Vision is an irreplaceable treasure, and we know the quest for clear sight through glasses and contact lenses can be an ongoing journey for a lot of our patients. With myopia affecting a substantial and growing portion of the global population (an estimated 50% by 2050), the demand for effective, long-term vision correction methods is widespread. Refractive surgeries like LASIK and the EVO ICL (Implantable Collamer Lens) can offer an incredible transformation for those relying on glasses and contacts to correct myopia and astigmatism.
Let’s start with the basics. Who are these procedures for and how do I know which one is right for me?
*We use Galilei scans to capture the 3D shape and thickness of your cornea and the depth of your anterior chamber. One of our doctors will share your results with you as part of your consultation.
Is LASIK right for you? In most cases, yes! While not everyone can safely have laser vision correction, more than 80% of the patients we see are great candidates for LASIK. LASIK has been around since the mid 1990’s, and it’s a tried and true method of vision correction, successfully delivering clear vision for millions of patients. We use an extremely precise femtosecond laser to create the flap and an excimer laser to create a custom, perfectly aspheric corneal surface.
If you are 21 or older and nearsighted, you could be a candidate for EVO ICL. This procedure is able to correct or reduce 3 to 20D of myopia and up to 4D of astigmatism. It’s especially beneficial for those with thin corneas, dry eyes, or who otherwise do not qualify for LASIK. EVO works in harmony with your natural eye, similar to adding a lens to a camera. It’s made from a collagen-containing biocompatible material called collamer that also provides UV protection. The V4c EVO+ has a 0.36mm central port for added safety and aqueous flow and an expanded optic designed to optimize night vision. ICL technology has been used for more than 20 years and is the fastest growing refractive procedure today. To date, more than 2 million ICLs have been distributed worldwide.
Occasionally patients are candidates for both LASIK and EVO. While it’s a privilege to have a choice between more than one procedure, we understand it can be tricky to navigate the best surgical option. Here we’ll dive into a few key factors that help guide these decisions: safety and efficacy, stability i.e. vision outcomes in the short and long term, and personal preferences.
How do LASIK and EVO ICL stack up?
Patients who undergo LASIK or EVO can look forward to significant improvements in their lifestyle, a rapid recovery and to safely achieving 20/20 vision or better after their procedure. When comparing the two, it’s a close call, but a few studies have concluded favorable vision outcomes and stability with EVO compared to LASIK.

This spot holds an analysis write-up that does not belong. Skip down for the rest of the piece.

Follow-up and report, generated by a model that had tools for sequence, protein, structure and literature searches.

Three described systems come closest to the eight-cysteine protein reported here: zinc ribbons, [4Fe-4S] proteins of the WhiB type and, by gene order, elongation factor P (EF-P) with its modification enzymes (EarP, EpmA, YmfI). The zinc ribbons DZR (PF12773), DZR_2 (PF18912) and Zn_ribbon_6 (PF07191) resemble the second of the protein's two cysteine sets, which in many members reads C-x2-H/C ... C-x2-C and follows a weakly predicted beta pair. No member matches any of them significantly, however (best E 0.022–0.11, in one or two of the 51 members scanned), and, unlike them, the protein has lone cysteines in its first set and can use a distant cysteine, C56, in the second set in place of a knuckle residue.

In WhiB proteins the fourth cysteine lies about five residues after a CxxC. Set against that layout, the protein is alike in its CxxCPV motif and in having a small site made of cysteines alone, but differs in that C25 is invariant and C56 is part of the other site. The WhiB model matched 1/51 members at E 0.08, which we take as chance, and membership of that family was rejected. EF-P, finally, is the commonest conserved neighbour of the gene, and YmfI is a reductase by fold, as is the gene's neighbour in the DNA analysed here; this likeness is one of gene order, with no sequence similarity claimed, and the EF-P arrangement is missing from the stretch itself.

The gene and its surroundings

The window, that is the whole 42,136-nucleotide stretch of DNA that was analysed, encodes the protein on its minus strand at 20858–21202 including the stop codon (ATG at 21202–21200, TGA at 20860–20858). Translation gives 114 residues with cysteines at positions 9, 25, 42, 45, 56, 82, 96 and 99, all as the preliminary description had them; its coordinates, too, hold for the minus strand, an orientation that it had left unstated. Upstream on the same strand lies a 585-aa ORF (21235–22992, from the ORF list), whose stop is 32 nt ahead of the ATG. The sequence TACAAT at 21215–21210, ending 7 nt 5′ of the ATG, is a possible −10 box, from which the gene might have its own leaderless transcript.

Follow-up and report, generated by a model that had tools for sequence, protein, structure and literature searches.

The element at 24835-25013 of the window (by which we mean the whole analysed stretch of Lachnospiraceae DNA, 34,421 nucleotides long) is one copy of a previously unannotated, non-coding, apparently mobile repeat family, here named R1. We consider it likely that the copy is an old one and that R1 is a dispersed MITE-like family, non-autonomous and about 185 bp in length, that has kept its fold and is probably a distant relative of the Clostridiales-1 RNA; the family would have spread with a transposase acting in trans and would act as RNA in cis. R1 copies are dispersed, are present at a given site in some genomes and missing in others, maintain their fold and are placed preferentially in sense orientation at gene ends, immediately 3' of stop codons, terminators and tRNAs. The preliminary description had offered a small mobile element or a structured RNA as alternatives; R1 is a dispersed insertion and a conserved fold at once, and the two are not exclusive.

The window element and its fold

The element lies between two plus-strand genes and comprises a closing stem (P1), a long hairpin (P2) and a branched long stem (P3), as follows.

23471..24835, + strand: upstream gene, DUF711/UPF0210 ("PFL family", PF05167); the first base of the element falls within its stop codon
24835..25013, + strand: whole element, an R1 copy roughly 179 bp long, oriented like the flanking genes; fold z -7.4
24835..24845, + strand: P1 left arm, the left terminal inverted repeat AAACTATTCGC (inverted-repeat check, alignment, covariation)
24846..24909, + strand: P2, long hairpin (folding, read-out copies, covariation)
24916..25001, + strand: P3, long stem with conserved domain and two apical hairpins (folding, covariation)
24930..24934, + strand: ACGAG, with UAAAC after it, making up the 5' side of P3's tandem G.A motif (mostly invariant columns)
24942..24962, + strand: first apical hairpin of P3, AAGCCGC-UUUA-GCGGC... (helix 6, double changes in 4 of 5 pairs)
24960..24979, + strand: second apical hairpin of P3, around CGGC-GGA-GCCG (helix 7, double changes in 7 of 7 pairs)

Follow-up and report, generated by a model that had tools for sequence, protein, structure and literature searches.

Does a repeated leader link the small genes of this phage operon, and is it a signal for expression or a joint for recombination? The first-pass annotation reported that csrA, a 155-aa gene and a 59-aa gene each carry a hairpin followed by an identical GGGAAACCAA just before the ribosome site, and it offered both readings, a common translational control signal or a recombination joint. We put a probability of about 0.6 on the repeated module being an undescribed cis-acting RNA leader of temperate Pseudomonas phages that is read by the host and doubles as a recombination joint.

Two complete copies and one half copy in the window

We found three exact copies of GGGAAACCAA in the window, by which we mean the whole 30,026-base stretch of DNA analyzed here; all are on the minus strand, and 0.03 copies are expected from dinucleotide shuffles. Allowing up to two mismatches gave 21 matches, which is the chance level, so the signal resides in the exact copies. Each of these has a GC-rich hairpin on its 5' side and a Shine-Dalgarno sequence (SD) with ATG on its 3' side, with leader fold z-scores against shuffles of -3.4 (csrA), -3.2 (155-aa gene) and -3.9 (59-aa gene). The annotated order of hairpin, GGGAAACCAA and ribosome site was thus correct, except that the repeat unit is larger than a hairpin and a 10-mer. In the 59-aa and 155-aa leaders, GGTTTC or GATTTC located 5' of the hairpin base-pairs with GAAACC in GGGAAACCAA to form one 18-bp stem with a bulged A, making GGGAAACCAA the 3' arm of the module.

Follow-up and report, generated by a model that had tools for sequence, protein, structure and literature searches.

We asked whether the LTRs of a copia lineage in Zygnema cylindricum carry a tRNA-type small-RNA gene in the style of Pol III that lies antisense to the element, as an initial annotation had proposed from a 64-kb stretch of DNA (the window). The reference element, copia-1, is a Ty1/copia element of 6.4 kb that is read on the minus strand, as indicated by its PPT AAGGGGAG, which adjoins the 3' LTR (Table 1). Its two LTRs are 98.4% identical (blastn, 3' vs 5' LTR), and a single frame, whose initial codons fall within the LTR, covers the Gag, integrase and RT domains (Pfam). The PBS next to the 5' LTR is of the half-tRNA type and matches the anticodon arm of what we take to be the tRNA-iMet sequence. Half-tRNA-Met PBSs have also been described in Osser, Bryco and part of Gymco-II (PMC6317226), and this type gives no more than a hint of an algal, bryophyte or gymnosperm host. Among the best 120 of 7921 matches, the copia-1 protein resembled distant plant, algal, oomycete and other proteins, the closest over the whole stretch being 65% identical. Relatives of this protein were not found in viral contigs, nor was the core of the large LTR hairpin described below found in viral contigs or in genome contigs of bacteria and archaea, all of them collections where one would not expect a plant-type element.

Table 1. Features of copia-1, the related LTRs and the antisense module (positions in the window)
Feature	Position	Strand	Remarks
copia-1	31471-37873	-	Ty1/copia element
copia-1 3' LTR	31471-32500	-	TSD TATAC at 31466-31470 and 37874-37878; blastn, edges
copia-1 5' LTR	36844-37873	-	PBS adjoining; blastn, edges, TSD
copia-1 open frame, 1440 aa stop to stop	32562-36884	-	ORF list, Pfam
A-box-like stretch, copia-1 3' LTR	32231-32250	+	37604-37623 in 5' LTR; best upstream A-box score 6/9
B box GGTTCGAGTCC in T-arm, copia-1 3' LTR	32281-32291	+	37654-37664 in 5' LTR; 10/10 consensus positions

Better than before… and better than 20/20? The EVO FDA Clinical trial showed 52.3% of eyes measuring -3.00 to -15.62D treated with ICL actually gained one line of vision. In fact, this percentage was a bit higher at 56% when filtering for mid-range prescriptions of -3.00 to -6.00D. Another clinical review comparing the outcomes of 1678 LASIK treated eyes and 144 treated ICL eyes in a similar range (-4.00 to -7.88D) found a greater proportion of ICL eyes read 20/15 or better (21.6% ICL vs. 7.8% LASIK, P < 0.001).
Why might this be?
Optical corrections that more closely align with the nodal point of the eye nodal point (N) of the eye hold the potential to optimize vision more effectively. This is why some patients see better with contacts as compared to their glasses. The same concept holds true when comparing ICL with LASIK, contact lenses or glasses.
Will my vision drift after LASIK? How about EVO ICL?
Many patients want to know “how long will my procedure last”? While LASIK is a permanent procedure that irreversibly removes tissue from the corneal stroma, changes over time are possible. At SharpeVision, we’ve tracked the enhancement rate of LASIK somewhere between 2-5% in the first year, and roughly 10% over a 10 year period. Age, treatment zone, corneal dimensions, bladed vs femtosecond laser (FS) flap creation, hormone shifts, and the degree of myopia have all been cited as predictive factors that can influence postoperative regression. Regression refers to the possibility that the eye gradually becomes out of focus again and may require glasses or additional laser touch up. Though LASIK enhancements can be done safely and effectively by lifting the corneal flap or performing additional surface laser (PRK), we find, whenever possible, one procedure is better than two. This principle will often guide our doctors’ recommendations for you.